A bill pending in the state Legislature to give adopted children better access to their birth records is a solid first step toward providing these individuals with vital medical information, as well as expanding their opportunity to contact their birth parents.
The bill (A2901/S5964), sponsored by Queens Assemblyman David Weprin and Brooklyn Sen. Andrew Lanza, is designed to make it easier for adoptees to obtain their birth certificates and allow them to gain access to other health-related information that could help them avoid or fight medical problems.
It also could help lead some to their birth parents.
The main provision of the bill allows adopted children 18 years old and older to request a non-certified copy of their birth certificate or the original long-form certificate where necessary. The state Health Department then would have four months to try to track down the birth parents and obtain permission to release their names.
If the parents refuse to reveal their names, the adoptees will get a redacted version of their birth certifi cate.
In addition, the bill provides an opportunity for the birth parent to provide information about their medical history, giving the children access to such information as genetic dispositions to cancer, heart disease and other medical issues.
The bill errs on the side of privacy.
Some parents, logically, don’t want their identities known to their children. But in protecting their privacy, this bill also gives birth parents who had previously not wanted their identities revealed to the children they put up for adoption the opportunity to change their minds.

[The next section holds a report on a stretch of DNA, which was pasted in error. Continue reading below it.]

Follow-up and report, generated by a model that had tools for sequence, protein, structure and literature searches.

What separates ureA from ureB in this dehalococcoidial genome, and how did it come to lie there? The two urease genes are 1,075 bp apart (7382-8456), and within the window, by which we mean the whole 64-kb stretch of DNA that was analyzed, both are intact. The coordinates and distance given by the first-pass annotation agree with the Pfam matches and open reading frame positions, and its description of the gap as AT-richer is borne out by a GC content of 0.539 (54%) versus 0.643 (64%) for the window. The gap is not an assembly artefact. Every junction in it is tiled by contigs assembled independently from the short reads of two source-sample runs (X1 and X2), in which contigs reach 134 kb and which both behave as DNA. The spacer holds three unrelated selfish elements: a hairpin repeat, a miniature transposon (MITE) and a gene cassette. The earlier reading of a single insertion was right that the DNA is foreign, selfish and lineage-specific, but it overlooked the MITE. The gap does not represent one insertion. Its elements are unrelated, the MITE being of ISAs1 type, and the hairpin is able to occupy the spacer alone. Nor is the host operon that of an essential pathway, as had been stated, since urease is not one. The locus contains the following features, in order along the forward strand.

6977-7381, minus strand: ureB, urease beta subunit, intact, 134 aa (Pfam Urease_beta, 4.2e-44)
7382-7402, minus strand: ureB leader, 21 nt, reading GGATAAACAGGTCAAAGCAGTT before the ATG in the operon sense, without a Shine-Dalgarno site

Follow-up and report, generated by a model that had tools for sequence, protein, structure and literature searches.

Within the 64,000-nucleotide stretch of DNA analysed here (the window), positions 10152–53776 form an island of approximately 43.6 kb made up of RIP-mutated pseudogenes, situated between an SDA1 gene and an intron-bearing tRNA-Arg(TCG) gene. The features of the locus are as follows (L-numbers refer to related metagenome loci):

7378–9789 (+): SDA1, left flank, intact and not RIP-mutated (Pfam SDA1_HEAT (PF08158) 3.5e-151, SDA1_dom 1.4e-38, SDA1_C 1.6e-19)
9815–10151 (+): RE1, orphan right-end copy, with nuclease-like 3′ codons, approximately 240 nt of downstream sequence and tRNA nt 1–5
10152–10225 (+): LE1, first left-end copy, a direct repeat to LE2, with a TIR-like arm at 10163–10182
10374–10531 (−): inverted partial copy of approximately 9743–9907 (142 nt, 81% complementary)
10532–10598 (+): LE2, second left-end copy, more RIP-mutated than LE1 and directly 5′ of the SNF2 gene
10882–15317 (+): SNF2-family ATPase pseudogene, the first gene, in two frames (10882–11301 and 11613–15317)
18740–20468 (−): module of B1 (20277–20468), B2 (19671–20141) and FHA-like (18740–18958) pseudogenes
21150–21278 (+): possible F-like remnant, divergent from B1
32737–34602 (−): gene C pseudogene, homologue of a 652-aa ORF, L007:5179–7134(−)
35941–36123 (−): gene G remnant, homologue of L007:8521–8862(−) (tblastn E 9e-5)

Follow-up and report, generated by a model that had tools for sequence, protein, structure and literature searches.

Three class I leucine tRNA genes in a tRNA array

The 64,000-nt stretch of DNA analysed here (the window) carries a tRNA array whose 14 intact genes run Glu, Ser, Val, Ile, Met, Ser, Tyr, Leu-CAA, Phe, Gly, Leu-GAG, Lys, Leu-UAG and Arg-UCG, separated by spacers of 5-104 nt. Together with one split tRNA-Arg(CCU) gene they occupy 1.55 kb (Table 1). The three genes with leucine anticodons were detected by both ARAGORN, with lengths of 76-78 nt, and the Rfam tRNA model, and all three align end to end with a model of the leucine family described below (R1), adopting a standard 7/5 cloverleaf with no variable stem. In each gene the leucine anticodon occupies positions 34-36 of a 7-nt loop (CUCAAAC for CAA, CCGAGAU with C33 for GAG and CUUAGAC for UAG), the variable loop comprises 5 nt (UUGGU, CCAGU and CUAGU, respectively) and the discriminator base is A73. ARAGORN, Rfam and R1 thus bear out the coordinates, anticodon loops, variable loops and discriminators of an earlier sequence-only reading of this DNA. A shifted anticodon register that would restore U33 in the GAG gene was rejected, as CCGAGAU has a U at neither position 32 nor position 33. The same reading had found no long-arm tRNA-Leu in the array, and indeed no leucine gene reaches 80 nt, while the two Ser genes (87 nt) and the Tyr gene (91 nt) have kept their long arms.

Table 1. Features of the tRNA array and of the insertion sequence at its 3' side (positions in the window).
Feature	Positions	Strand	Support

The bill also allows the parent to release a medical history without revealing their own identity. Any other issues related to privacy would be decided by the courts.
The Assembly passed the measure in June, with local Assembly members James Tedisco, Angelo Santabarbara and Phil Steck voting in favor and Assemblywoman Carrie Woerner voting against it. The Senate has yet to vote on the bill, which currently sits in the Rules Committee.
While proponents of unlimited access to adoption records might not be thrilled with the limits contained in this bill, it is an important first step toward making the process more transparent. The privacy concerns of parents are just as legitimate as the desire for the children to know their identities. That’s why the privacy protections contained in this bill are reasonable and essential. In addition, the bill’s proactive approach toward the release of medical histories could help more adopted children lead healthier lives.
It’s not a perfect bill. But it is an important one. Let’s hope the Senate follows the Assembly’s lead and moves this matter forward.